Glaucoma is a silent disease that needs to be early diagnosed to prevent associated blindness. One of the main indicators of the disease is the CDR ratio, computed as the ratio of the OD and cup regions. These regions must be segmented from the retinal image. Most of the state-of-the-art techniques are devoted to the segmentation of the OD because the cup is a difficult area from the point of view of image processing: its absolute colour may differ from one patient to another and its border could be diffuse or even imperceptible. Most of the authors agree that the OD and cup are the brightest regions in the retinal fundus image and the use of grey level processing to segment both of them is necessary. The majority of the methods comprise several complex steps that usually rely on experimentally fixed parameters. In addition, blood vessels must be detected and inpainted prior to OD and cup detection. Therefore, complexity is added and errors are propagated. Additionally, vector colour information is not taken into account and human perception is generally forgotten. In this paper, we have addressed the problem of CDR computation on retinal fundus images from the point of view of colour science. Characteristic colour changes of OD and cup edges were calculated in a uniform colour space with a perception-adapted distance metric allowing an additional level of correlation with a human visual system. We have tested six different classifiers with 60 images selected from seven different public databases to build a robust and precise model for CDR computing. As a result, bagged decision trees were found to produce accurate classification results (95.02%). Then, the model was validated on a completely different database that included 60 images of high complexity. Again, the method showed accurate results (81.19%), proving the fact that it generalizes well despite the used database. CDR measurements based on this automatic method are accurate at the light of the obtained mean absolute and relative errors. To sum up, we have presented an accurate, robust method, based on the kind of images available in primary healthcare settings, that calculates glaucoma indicators using colour information. Future work will address the use of this system in mobile applications.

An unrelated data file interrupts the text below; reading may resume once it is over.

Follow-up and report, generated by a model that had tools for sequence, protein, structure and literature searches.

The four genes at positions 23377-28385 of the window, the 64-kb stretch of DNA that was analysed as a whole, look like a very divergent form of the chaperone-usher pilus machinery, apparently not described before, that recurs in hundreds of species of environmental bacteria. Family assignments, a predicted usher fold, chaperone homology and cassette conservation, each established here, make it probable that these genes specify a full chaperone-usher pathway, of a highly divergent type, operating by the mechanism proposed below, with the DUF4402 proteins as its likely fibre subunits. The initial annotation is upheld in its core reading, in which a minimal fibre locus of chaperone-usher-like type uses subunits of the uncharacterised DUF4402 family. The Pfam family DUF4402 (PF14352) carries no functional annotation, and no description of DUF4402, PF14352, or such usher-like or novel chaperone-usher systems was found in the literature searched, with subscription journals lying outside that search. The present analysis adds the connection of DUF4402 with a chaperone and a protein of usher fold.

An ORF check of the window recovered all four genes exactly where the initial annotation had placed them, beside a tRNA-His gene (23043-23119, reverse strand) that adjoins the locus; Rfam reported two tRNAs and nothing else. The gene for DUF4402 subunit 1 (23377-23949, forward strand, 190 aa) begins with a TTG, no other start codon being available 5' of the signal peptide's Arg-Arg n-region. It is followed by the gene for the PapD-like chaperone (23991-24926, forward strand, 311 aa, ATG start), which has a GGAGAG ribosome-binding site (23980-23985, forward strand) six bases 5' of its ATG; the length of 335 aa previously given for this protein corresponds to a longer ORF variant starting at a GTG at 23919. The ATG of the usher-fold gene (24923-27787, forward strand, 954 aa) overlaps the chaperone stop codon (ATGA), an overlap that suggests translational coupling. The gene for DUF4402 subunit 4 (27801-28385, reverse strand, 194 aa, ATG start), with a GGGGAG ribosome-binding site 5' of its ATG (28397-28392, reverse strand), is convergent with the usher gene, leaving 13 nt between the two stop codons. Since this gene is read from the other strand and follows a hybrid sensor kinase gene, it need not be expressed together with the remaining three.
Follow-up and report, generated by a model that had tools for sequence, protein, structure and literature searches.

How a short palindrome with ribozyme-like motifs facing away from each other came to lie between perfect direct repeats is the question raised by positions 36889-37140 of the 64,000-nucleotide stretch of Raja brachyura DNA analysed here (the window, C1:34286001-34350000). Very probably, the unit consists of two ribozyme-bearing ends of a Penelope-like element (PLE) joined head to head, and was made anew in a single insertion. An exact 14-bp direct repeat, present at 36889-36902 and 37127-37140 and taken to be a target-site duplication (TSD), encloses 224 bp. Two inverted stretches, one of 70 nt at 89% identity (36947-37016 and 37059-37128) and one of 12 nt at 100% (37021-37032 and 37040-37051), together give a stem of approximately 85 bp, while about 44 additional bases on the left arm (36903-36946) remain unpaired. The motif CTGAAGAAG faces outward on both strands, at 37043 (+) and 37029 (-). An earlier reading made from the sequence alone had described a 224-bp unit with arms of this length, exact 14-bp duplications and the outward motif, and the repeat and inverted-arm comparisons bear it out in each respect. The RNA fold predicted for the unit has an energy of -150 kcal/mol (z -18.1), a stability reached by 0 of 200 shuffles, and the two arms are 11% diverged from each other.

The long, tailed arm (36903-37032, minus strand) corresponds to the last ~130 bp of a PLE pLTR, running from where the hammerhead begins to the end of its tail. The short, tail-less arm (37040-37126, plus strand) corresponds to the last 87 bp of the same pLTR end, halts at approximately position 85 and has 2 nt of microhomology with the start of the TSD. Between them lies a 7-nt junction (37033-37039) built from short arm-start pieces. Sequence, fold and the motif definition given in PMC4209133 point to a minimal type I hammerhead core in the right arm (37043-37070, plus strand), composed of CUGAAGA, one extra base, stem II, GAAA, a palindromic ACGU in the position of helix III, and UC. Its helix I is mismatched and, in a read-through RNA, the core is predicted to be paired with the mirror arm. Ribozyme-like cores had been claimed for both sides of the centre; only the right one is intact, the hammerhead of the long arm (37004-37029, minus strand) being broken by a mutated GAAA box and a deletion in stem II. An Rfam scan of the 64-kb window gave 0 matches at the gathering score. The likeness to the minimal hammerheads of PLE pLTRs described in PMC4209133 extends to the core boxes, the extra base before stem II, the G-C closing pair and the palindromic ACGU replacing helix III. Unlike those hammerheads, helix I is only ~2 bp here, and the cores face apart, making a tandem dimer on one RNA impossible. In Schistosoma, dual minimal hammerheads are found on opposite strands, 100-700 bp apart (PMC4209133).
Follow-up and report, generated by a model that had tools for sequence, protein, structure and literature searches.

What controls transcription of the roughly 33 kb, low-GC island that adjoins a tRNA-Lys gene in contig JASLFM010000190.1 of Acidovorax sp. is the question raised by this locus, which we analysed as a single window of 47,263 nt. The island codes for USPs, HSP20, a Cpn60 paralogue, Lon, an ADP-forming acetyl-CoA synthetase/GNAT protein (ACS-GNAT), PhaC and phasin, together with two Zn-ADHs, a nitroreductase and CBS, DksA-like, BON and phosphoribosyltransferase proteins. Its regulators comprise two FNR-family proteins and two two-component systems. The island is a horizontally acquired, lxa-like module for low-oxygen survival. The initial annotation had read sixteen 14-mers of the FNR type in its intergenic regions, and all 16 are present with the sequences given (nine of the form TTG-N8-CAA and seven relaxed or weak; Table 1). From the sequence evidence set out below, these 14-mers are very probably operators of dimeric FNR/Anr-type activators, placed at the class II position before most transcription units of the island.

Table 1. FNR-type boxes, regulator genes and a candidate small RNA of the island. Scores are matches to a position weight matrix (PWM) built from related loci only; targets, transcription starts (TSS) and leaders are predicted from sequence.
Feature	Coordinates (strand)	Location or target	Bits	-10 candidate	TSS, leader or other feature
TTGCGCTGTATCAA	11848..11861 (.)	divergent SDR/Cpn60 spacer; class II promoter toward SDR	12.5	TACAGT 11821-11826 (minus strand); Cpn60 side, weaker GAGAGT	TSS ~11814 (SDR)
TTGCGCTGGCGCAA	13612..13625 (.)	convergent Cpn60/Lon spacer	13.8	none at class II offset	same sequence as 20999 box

Conflicts of Interest

The authors declare no conflict of interest.

Acknowledgments

This work was supported by the Government of Spain (Grant no. TEC2014-53103-P).

References

  1. WHO, WHO, vol. 82, no. 11, pp. 811–890, 2011, November 2004.
  2. M. Fallon, O. Valero, M. Pazos, and A. Antón, “Diagnostic accuracy of imaging devices in glaucoma: a meta-analysis,” Survey of Ophthalmology, vol. 62, no. 4, pp. 446–461, 2017. View at Publisher · View at Google Scholar
  3. M. D. Abràmoff, M. K. Garvin, and M. Sonka, “Retinal imaging and image analysis,” IEEE Reviews in Biomedical Engineering, vol. 3, pp. 169–208, 2010. View at Publisher · View at Google Scholar · View at Scopus
  4. E. Ng, U. Acharya, J. Suri, and A. Campilho, Image Analysis and Modeling in Ophthalmology, CRC Press, 2014. View at Publisher · View at Google Scholar
  5. M. Lotankar, K. Noronha, and J. Koti, “Detection of optic disc and cup from color retinal images for automated diagnosis of glaucoma,” in 2015 IEEE UP Section Conference on Electrical Computer and Electronics (UPCON), Allahabad, India, 2016. View at Publisher · View at Google Scholar · View at Scopus
  6. J. Liu, F. S. Yin, D. W. K. Wong et al., “Automatic glaucoma diagnosis from fundus image,” in 2011 Annual International Conference of the IEEE Engineering in Medicine and Biology Society, pp. 3383–3386, Boston, MA, USA, 2011. View at Publisher · View at Google Scholar · View at Scopus
  7. K. Banister, C. Boachie, R. Bourne et al., “Can automated imaging for optic disc and retinal nerve fiber layer analysis aid glaucoma detection?” Ophthalmology, vol. 123, no. 5, pp. 930–938, 2016. View at Publisher · View at Google Scholar · View at Scopus
  8. G. Lim, Y. Cheng, W. Hsu, and M. L. Lee, “Integrated optic disc and cup segmentation with deep learning,” in 2015 IEEE 27th International Conference on Tools with Artificial Intelligence (ICTAI), pp. 162–169, Vietri sul Mare, Italy, 2016. View at Publisher · View at Google Scholar · View at Scopus